Why do we have a Thor? In the Marvel pantheon — now Disney's plaything, natch — we find no more dullsville lunk among the top-tier characters. He's back in a second disposable movie, "Thor: The Dark World," in which Chris Hemsworth's shaggy locks almost distract you from his faux Victorian delivery and the fact that, aside from a magical hammer and a jawline to match it, this plodding interdimensional Viking space prince doesn't have much to recommend him. Iron Man cracks wise and enjoys eye-popping special effects. The Hulk wrecks cities as easily as squishing sand between his toes. Even Captain America shows us more verve during an extended trailer before this "Thor" installment (a fellow member of the Avengers, ol' Cap is slated for his own sequel next spring). Thor can fly, and favors capes, and has a thing for Natalie Portman. His fans look at themselves and say, hey, two out of three.
At least in "The Avengers," the third-highest-grossing movie ever, he was squaring off against an entertaining villain: Loki, played again here by actual actor Tom Hiddleston. Loki is Thor's brother by adoption, making them both princes and giving them quarrel over who will succeed Odin (Anthony Hopkins, in Santa beard) as king of Asgard. With Loki now passing time in the palace's four-star dungeon, Thor needs another bad guy to almost beat him, so we get a ruthless dark elf named Malekith (Christopher Eccleston) with all the personality of an amputated leg. He has an evil magic weapon that will destroy the nine realms once they come into alignment and [interlude of mumbly comic-book glop] with Stonehenge and gravitational anomalies. So of course Thor and friends caper in and try and rescue everything everywhere.
The overall non-enjoyability of Thor jives with a truism about superheroes: namely, that they can't be too super. His nominal mortality and his soft spot for human ladies goes only so far in making Thor your quasi-god next door. Early on in "The Dark World," Thor descends onto some war-torn planet to conk heads. He and his magical space-Viking pals crack wise as they fight, until everyone shuts up and steps aside for a stone Goliath to trudge onto the battlefield and stare Thor down. Our hero chuckles and offers to accept the monster's surrender. The monster of course isn't interested, so Thor rubble-izes him with one swing of the hammer. He does this surely to highlight how improbably tough Malekith is when the two fight later. But it's yawn-inducing to watch the casual razing of a creature that would've taken up five solid minutes of awesome fighting in a "Lord of the Rings" sequel.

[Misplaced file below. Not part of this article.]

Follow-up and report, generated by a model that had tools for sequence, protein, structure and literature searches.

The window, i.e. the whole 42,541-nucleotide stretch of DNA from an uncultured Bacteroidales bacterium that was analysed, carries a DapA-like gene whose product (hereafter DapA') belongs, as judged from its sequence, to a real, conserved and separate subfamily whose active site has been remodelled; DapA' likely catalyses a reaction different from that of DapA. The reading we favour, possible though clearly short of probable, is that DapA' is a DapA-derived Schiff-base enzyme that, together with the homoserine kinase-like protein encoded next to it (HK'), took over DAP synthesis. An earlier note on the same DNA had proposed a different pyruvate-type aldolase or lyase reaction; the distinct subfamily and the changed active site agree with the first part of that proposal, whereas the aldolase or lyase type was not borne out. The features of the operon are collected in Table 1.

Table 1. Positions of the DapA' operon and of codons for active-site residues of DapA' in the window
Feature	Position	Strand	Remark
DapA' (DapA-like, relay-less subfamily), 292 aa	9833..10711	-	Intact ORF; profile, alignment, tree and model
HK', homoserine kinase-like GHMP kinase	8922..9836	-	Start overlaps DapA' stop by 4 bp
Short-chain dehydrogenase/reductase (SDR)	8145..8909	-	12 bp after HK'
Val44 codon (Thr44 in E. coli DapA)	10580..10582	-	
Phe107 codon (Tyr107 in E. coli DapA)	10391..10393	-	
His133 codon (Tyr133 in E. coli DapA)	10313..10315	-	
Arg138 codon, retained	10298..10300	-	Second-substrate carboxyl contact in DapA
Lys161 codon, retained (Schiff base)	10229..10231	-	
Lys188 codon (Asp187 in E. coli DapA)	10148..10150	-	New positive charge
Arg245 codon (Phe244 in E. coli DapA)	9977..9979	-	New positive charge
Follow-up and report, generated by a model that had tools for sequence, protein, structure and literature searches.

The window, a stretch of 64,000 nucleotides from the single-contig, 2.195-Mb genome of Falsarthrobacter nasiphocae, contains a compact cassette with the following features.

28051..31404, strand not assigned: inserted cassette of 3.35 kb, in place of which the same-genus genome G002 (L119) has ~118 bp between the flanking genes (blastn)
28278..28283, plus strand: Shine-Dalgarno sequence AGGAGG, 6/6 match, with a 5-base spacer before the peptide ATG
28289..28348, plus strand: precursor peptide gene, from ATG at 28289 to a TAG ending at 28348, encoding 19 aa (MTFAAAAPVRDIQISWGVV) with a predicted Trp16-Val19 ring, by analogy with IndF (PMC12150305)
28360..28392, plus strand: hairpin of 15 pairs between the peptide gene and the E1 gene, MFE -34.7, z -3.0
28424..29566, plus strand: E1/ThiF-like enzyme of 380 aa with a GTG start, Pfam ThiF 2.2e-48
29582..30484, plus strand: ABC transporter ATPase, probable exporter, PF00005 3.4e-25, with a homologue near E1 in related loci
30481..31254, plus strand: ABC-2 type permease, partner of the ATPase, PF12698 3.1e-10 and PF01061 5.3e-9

Thor might suffer by the comparison, but it's evident Marvel/Disney is hoping to grab some of that fantasy/sci-fi audience that doesn't know where to spend its entertainment cash between installments of "The Hobbit," uh, trilogy. Overseeing the first "Thor" were two solid Hollywood hands: Kenneth Branagh and Joss Whedon. With those fellows onto other things, Disney hired the less-famous Alan Taylor for the sequel. What has Alan Taylor been up to lately? Oh, just directing six episodes of "Game of Thrones," the far darker, sexier, scarier, funnier, more nuanced HBO fantasy series. "The Dark World" suffers in that comparison as well, but you can see where Disney's aiming: "Game of Thrones" for 10-year-olds. It's just too bad they can't give their hero a dose of humanity and infuse its villains with more than a vague mission of "do evil." Not even the intentional comic relief can rescue "The Dark World" from this unintentional silliness.
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